A Roman Catholic bank in Germany has apologised after admitting it bought stocks in defence, tobacco and birth control companies.
Der Spiegel newspaper discovered the bank had invested 580,000 euros (£495,310, $826,674) in British arms company BAE Systems.
It also invested 160,000 euros in American birth control pill maker Wyeth and 870,000 euros in tobacco companies.
The bank apologised for behaviour “not in keeping with ethical standards”.
Pax Bank has previously advertised ethical investment funds, specifically claiming to avoid arms and tobacco companies along with organisations that do not adhere to Catholic beliefs.
The Catholic Church has historically condemned the use of contraception, for breaking the link between sex and procreation – a view emphatically upheld by current Pope Benedict XVI.
In the past he has called birth control a “grave sin”.
A spokesman for Pax Bank said: “We will rectify the mistakes immediately without negative consequences for our clients.
“Unfortunately in a few internal reviews, the critical investments in question were overlooked – we deeply regret this.”
The spokesman thanked journalists for bringing the controversial investments to its attention.
Pope Benedict XVI has said that handing out condoms is not the answer in the fight against HIV/Aids, as he makes his first visit to Africa as pontiff.
Speaking en route to Cameroon, he said distribution of condoms “increases the problem”. The Vatican urges abstinence.
The Pope will also visit Angola on his week-long trip, where thousands are expected to attend open-air masses.
According to Vatican figures, the number of Catholics in Africa has been rising steadily in recent years.
Baptised Catholics made up 17% of the African population in 2006, compared with 12% in 1978, the Vatican says.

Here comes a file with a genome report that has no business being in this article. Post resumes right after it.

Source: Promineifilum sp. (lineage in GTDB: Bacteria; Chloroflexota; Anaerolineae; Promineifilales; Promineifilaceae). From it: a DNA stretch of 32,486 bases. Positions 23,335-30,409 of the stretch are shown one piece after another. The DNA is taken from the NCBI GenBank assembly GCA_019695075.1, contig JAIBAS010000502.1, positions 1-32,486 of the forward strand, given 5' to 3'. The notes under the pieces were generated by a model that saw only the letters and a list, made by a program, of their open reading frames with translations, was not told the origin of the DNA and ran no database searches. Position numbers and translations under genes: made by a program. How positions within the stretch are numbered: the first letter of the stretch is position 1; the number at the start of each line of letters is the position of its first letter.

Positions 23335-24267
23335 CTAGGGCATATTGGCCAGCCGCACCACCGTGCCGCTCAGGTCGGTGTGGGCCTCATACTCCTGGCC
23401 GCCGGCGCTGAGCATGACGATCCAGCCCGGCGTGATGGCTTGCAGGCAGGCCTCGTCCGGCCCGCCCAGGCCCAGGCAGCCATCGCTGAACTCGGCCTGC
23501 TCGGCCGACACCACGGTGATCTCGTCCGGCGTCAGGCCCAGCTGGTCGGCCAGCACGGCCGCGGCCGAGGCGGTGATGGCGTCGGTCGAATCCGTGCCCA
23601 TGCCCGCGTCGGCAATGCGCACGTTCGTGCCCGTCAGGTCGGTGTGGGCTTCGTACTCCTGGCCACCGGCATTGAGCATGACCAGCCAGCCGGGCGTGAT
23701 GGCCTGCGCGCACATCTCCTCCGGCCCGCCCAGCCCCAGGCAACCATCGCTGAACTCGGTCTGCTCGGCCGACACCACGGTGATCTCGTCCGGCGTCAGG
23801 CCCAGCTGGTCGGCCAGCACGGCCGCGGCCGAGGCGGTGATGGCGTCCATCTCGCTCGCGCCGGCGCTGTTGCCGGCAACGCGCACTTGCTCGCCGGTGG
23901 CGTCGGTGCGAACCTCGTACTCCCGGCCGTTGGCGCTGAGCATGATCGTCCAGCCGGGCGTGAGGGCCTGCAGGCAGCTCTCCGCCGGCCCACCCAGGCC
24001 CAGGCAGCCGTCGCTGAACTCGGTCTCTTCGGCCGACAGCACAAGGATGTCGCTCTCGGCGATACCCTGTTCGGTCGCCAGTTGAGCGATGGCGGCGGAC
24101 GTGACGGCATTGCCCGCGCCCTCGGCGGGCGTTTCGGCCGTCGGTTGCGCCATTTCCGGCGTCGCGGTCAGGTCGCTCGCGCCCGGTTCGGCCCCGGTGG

Pope Benedict said on the eve of his trip that he wanted to wrap his arms around the entire continent, with “its painful wounds, its enormous potential and hopes”.
Speaking to reporters on his way to Cameroon’s capital, Yaounde, the Pope said HIV/Aids was “a tragedy that cannot be overcome by money alone, that cannot be overcome through the distribution of condoms, which can even increase the problem”.
The solution lies in a “spiritual and human awakening” and “friendship for those who suffer”, the AFP news agency quotes him as saying.
While in Africa, the pontiff is expected to talk to young people about the Aids epidemic and explain to them why the Catholic Church recommends sexual abstinence as the best way to prevent the spread of the disease.
He gave a similar message to African bishops who visited the Vatican in 2005, when he told them that abstinence and fidelity, not condoms, were the means to tackle the epidemic.
The BBC’s Caroline Duffield, in Cameroon, says people in Yaounde are energetically sweeping and cleaning everywhere in preparation for Pope Benedict’s visit.
The Pope will stay in Yaounde until Friday, where he will meet bishops from all over Africa who will be taking part in a meeting at the Vatican later this year to discuss the Church’s role in Africa.
In Angola, which is still recovering from 27 years of civil war, Pope Benedict will meet diplomats posted in Luanda and is expected to urge the international community not to abandon Africa.
The pontiff is also due to hold private talks with political leaders in the two countries, both of which have been accused of corruption and squandering revenues from natural resources.
Speaking to pilgrims in St Peter’s Square before setting out on his journey, the Pope said he wanted to reach out to the victims of hunger, disease, injustice, fratricidal conflicts and the violence afflicting adults and children alike in most parts of Africa.